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The new practices/technologies in online/blended learning include developments of technology such as the deployment of web and cloud-based platforms and an increase in adoption of e-learning methods not just in the urban areas but in the rural rungs as well. As per, the e-learning market research report by Kilgore News Herald, the cloud segment in itself contributed to the lion’s share in 2020, holding more than three-fifths of the global e-learning market, as it enabled educators to upload vast quantities of e-learning content in various types and formats such as videos, texts, presentations, quizzes, and questionnaires.
Role of an instructor
The days of the ‘sage on the stage’ are ending. Instructors still must have deep disciplinary knowledge, but they are also thoughtful designers of the overall educational experience.
That is, they now must think at the level of the overall educational programme, not just the specialized courses that they teach. The role of academic advising for instructors is critical. Can they help students design a programme of study that integrates high-impact experiences, inter and multi-disciplinary thinking, and bridges a pathway to a student’s career?
For universities, the challenge is transitioning from educational silos based on discipline to a learning community or ecosystem whose design puts multi-dimensional learning at the center of the education system.
This transition is vital for the holistic development of a student, which can only come through realization and experience emanation while leading him/her to adopt multi-dimensional approaches to education. Educators need to adopt the technology in sync with the local context along with adjusted curriculum. This is critical for enabling effective engagement between students and teachers.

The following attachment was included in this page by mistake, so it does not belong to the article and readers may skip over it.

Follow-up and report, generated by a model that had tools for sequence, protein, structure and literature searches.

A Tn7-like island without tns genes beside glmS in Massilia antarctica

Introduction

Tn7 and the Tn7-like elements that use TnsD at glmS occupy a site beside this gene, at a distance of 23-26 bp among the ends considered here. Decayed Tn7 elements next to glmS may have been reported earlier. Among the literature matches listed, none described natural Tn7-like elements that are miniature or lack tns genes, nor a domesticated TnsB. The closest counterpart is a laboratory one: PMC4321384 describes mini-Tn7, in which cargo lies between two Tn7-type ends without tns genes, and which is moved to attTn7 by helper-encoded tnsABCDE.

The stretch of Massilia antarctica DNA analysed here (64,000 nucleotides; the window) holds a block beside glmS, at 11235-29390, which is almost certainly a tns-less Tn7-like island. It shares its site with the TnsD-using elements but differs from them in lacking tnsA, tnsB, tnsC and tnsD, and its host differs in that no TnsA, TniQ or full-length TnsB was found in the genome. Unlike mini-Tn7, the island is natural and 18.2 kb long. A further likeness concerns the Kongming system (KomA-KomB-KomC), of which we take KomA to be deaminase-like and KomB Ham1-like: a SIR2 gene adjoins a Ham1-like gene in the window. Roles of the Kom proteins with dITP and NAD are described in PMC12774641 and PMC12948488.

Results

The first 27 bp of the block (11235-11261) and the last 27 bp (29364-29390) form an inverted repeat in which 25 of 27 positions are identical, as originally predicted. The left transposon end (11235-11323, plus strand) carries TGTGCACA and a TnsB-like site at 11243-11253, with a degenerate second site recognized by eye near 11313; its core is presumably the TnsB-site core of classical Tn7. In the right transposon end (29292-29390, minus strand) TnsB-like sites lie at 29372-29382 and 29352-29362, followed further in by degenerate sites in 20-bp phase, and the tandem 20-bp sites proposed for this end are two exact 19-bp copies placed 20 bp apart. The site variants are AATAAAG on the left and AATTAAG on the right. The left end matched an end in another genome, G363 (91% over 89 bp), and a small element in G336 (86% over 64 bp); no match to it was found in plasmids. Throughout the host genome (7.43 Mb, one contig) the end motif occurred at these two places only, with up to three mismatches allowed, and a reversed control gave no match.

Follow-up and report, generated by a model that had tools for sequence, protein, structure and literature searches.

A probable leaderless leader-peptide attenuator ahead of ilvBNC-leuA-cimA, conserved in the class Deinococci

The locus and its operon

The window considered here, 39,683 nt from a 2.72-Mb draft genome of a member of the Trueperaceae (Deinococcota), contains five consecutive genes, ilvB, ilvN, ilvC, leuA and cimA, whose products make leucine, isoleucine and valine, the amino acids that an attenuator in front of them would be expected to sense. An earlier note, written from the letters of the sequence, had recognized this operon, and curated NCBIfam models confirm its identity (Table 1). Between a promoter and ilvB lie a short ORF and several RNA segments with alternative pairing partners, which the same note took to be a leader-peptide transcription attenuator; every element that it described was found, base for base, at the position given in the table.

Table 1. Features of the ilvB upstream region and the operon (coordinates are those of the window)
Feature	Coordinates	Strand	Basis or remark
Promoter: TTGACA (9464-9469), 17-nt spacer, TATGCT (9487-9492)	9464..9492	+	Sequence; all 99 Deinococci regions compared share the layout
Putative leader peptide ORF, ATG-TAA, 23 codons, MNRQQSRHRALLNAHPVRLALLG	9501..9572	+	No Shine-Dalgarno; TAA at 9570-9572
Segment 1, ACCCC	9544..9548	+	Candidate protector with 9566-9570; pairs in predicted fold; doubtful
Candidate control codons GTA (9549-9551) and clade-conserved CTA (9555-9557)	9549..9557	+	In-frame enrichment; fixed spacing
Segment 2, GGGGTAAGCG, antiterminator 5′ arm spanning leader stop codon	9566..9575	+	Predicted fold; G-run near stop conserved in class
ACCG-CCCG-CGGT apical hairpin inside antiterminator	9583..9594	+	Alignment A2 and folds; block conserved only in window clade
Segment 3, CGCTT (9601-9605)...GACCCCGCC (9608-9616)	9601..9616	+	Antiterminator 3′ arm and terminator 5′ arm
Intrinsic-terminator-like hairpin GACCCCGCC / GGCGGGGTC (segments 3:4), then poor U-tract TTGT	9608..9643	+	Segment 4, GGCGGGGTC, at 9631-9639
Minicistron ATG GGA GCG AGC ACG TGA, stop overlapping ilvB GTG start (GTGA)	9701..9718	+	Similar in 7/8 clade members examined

Most importantly, the institutions must implement support with remedial programmes for students in catching up with the time lost. These programmes should not just identify the areas in which students need more support, but also monitor students’ progress continually.
Missouri, US, adopted the approach way back in 2011
Any crisis is always an opportunity. For instance, when a tornado destroyed many of the buildings and physical assets of the school district in Joplin, Missouri in 2011, it accelerated the transition away from physical books into virtual learning resources with an investment in e-tools provided to all students, greatly expanding access to such resources for poorer students. In addition, the elimination of the four walls of the classroom, opened up the pedagogical tools beyond ‘chalk and talk’, to include team-based learning, experiential learning, and other approaches more conducive to experimentation and application.
This time definitely, the pandemic has taken a serious toll on all levels of education, especially at primary school levels. The IMF has estimated that the average days of lost schooling in 2020 were 15 for children in developed countries, 45.7 for Emerging Market nations, and 70 for low-income countries. This will decelerate the targets for Millennium Development Goals and global justice and equity for years to come. But it is important to look forward. The crisis has again given an opportunity for basic rethinking about the means and ends of education, building on multi-dimensional approaches, to steer the trajectory towards a much better future.